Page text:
• Injection-site reactions and protein in the urine — both considered "adverse events" — were more common in the drisapersen-treated trial participants than in the placebo-treated participants.

Phase 2 results had been encouraging

A smaller, phase 2 trial of drisapersen in boys with DMD had shown some encouraging results in of the six-minute walk distance and production of the dystrophin protein.

"These results demonstrate that the clinical trial process works," Cwik said. "Researchers will gain valuable insight from this trial that will shape future trials."

Next steps

In a Sept. 20, 2013, email to patient groups, Rohit Batta, global medical affairs leader for GSK's neuromuscular disorders unit, said the following:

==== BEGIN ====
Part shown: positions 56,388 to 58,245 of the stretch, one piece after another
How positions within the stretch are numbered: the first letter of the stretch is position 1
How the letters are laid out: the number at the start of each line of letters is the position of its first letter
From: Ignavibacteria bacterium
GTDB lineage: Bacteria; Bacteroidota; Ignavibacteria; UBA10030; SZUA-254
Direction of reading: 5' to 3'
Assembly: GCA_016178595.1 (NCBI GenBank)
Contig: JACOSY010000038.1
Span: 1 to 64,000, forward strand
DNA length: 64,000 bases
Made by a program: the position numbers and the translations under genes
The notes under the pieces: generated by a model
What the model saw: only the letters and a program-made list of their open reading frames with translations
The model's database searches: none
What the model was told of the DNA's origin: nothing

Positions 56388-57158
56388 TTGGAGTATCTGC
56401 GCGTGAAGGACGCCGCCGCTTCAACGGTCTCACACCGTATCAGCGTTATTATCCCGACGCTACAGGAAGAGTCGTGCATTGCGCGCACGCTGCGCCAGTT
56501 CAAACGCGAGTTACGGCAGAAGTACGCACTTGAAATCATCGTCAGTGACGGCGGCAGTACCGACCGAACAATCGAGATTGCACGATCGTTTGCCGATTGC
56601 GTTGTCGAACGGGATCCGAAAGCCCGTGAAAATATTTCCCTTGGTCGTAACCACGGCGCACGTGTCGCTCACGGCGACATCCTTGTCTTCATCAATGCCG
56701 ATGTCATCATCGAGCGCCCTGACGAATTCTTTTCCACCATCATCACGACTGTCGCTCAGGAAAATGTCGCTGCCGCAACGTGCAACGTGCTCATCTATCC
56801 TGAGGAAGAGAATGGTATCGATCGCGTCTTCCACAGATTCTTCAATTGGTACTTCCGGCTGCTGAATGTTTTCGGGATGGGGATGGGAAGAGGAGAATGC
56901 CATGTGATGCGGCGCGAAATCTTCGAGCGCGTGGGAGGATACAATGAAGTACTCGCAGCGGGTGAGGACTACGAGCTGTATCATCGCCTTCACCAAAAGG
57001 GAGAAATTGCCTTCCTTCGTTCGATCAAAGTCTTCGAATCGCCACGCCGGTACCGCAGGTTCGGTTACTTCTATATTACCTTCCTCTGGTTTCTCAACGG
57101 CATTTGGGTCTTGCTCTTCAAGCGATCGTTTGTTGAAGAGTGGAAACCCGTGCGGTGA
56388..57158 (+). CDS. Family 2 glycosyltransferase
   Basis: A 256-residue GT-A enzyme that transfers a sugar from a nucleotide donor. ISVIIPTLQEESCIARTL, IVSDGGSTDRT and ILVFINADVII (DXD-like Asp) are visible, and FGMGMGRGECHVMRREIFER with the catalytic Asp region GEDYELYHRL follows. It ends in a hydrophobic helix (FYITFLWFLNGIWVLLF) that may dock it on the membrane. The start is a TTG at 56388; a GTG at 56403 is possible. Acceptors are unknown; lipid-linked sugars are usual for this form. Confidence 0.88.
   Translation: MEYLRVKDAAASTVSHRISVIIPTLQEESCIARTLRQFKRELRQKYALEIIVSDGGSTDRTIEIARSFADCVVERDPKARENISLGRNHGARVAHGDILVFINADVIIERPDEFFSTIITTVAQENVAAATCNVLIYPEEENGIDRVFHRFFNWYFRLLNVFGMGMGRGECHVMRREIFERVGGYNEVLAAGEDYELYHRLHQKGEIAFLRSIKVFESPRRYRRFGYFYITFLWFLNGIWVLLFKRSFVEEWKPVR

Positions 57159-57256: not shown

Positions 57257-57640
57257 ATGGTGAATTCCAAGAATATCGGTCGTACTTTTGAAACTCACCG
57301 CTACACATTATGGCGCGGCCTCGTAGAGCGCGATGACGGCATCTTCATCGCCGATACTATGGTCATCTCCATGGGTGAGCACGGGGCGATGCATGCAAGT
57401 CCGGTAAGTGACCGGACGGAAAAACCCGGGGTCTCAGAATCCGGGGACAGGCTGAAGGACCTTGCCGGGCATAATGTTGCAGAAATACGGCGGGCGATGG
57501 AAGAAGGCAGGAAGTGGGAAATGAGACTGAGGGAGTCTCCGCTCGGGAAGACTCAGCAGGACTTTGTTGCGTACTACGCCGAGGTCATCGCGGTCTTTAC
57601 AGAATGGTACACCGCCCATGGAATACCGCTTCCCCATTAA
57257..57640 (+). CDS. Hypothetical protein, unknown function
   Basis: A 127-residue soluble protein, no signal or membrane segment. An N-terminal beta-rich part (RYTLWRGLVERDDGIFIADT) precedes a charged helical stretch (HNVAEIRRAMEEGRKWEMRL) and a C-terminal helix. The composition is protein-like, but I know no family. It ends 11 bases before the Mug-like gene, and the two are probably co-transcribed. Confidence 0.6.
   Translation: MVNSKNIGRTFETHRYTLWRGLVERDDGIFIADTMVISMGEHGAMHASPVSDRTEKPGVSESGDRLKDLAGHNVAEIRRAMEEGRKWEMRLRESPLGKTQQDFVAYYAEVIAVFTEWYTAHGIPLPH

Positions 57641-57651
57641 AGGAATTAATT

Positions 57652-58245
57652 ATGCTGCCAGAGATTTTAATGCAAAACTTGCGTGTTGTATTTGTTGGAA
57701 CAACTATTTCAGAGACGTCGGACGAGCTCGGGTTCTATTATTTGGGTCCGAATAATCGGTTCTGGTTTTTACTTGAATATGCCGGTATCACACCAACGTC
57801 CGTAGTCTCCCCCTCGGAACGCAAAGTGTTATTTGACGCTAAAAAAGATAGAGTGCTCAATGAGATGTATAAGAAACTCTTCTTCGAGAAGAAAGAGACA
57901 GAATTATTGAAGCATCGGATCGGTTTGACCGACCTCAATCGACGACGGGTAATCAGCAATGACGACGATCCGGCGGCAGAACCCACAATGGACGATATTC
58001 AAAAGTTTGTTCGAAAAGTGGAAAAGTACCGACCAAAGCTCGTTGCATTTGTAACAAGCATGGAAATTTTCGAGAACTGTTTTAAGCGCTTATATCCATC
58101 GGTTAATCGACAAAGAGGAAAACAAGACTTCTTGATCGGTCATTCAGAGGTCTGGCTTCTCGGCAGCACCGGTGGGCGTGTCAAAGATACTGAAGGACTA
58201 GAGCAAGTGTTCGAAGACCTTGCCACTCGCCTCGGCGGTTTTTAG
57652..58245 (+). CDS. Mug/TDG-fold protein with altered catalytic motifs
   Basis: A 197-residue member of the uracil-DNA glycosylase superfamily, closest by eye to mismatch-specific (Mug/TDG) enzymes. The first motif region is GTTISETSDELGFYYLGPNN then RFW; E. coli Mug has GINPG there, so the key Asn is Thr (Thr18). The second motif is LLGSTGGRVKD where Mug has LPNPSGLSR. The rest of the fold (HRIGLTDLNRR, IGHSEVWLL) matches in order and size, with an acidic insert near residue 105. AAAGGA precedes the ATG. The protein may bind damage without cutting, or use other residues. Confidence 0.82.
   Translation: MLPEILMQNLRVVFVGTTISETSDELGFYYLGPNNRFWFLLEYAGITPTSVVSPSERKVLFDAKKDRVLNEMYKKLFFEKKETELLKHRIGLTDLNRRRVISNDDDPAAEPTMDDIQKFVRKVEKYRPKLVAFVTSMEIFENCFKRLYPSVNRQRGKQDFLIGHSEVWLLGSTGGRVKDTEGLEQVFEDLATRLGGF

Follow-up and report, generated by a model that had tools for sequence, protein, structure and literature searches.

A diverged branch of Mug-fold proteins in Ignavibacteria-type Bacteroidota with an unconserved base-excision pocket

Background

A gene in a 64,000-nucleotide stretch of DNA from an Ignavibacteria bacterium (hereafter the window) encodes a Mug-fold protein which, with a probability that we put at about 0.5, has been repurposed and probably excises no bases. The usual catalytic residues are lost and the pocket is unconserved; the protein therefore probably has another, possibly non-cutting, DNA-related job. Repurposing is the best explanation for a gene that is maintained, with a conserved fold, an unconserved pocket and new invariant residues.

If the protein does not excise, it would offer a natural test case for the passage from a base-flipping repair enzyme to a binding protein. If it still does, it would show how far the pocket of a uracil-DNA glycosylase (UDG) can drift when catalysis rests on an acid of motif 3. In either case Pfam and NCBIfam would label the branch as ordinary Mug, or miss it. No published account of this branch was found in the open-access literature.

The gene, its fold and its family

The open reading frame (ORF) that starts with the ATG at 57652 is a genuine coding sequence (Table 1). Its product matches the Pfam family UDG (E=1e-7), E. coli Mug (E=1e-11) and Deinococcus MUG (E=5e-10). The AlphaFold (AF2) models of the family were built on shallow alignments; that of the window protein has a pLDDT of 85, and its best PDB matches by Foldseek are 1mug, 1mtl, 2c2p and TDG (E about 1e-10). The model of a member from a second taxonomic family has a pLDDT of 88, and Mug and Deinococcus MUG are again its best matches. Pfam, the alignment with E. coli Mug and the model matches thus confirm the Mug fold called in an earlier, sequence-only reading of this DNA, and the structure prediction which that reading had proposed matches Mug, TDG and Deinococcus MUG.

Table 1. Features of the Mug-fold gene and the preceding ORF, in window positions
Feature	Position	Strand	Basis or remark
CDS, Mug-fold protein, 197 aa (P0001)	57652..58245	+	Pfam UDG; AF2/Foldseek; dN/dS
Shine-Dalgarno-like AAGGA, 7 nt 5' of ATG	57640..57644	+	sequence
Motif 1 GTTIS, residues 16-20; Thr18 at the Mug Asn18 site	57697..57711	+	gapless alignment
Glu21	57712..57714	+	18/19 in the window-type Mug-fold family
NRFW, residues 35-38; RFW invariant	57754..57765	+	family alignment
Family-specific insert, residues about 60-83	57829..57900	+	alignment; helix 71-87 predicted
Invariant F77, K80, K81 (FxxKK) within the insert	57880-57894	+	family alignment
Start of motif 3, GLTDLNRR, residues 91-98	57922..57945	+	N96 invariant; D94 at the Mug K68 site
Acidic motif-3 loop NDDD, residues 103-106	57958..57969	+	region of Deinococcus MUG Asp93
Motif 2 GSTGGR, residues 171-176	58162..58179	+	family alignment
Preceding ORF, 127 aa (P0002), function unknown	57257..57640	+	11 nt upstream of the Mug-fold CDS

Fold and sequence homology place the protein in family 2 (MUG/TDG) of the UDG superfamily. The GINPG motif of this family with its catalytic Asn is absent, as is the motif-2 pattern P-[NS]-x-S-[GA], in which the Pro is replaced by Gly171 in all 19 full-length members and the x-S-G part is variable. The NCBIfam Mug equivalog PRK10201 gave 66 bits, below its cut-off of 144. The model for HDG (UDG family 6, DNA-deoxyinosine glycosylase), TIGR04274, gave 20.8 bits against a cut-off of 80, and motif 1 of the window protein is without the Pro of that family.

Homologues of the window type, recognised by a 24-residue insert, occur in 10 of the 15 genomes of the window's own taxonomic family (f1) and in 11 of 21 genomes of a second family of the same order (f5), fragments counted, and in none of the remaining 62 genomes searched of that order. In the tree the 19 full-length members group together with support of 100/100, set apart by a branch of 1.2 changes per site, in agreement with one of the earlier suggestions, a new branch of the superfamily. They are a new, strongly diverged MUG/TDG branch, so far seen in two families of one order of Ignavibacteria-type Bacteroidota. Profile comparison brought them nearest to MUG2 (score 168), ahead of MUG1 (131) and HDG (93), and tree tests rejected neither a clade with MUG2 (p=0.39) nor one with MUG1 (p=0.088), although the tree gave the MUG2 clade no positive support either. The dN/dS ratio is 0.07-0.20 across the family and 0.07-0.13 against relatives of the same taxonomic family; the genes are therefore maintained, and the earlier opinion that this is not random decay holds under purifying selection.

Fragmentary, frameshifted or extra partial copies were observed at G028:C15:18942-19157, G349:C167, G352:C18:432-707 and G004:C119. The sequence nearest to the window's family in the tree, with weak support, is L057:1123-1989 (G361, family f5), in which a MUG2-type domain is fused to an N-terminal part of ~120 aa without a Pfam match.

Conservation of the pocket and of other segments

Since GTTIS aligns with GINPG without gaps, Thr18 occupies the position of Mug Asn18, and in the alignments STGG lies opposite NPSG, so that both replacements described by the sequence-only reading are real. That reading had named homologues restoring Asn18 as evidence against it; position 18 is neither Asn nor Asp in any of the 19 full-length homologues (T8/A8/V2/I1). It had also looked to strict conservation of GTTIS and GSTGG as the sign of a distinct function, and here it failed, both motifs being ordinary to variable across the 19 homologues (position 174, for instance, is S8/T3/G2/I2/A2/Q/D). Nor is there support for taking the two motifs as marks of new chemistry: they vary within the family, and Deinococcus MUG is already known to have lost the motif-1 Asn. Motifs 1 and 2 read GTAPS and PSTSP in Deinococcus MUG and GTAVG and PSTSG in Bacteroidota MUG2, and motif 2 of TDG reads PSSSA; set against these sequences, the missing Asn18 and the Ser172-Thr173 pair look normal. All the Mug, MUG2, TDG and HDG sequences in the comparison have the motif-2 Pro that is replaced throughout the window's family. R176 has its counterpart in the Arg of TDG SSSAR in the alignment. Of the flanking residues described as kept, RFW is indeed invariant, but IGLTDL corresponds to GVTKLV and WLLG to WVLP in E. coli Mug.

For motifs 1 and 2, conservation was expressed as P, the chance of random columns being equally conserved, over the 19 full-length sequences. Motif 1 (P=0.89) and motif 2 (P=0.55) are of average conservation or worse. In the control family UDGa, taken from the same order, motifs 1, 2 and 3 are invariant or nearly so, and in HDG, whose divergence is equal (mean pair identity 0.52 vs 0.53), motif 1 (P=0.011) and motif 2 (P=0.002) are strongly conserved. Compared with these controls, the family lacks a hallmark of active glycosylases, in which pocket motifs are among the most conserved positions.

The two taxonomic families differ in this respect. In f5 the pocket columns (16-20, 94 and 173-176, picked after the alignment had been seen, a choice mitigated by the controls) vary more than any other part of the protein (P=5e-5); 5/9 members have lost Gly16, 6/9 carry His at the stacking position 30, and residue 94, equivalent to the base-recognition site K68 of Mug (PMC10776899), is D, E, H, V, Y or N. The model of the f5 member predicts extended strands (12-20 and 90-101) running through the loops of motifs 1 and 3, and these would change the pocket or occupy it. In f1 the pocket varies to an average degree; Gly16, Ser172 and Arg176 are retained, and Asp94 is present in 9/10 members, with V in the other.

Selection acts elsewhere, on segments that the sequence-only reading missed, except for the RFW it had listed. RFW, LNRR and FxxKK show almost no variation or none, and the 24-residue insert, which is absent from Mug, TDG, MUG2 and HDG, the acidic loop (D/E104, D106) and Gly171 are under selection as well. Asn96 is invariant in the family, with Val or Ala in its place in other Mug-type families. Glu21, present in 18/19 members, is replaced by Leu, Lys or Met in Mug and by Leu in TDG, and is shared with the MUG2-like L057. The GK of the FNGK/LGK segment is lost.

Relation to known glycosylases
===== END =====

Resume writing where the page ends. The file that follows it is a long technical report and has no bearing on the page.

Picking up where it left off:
• GSK will be working closely with the patient advocacy community to arrange a webinar about the phase 3 results; the webinar will provide an opportunity for boys and their families to ask questions.
  • GSK will be consulting with experts in the field before deciding on next steps for drisapersen.
  • For now, GSK will withhold dosing with drisapersen in all ongoing studies, although safety monitoring and other relevant assessments will continue.
  • Study investigators have been notified about the phase 3 results, and GSK recommends that patients currently participating in drisapersen trials contact their local study team.

For more information

To learn more about drisapersen and exon skipping, read A Snapshot View: Drisapersen and Eteplirsen and DMD: Exon-Skipping Timeline.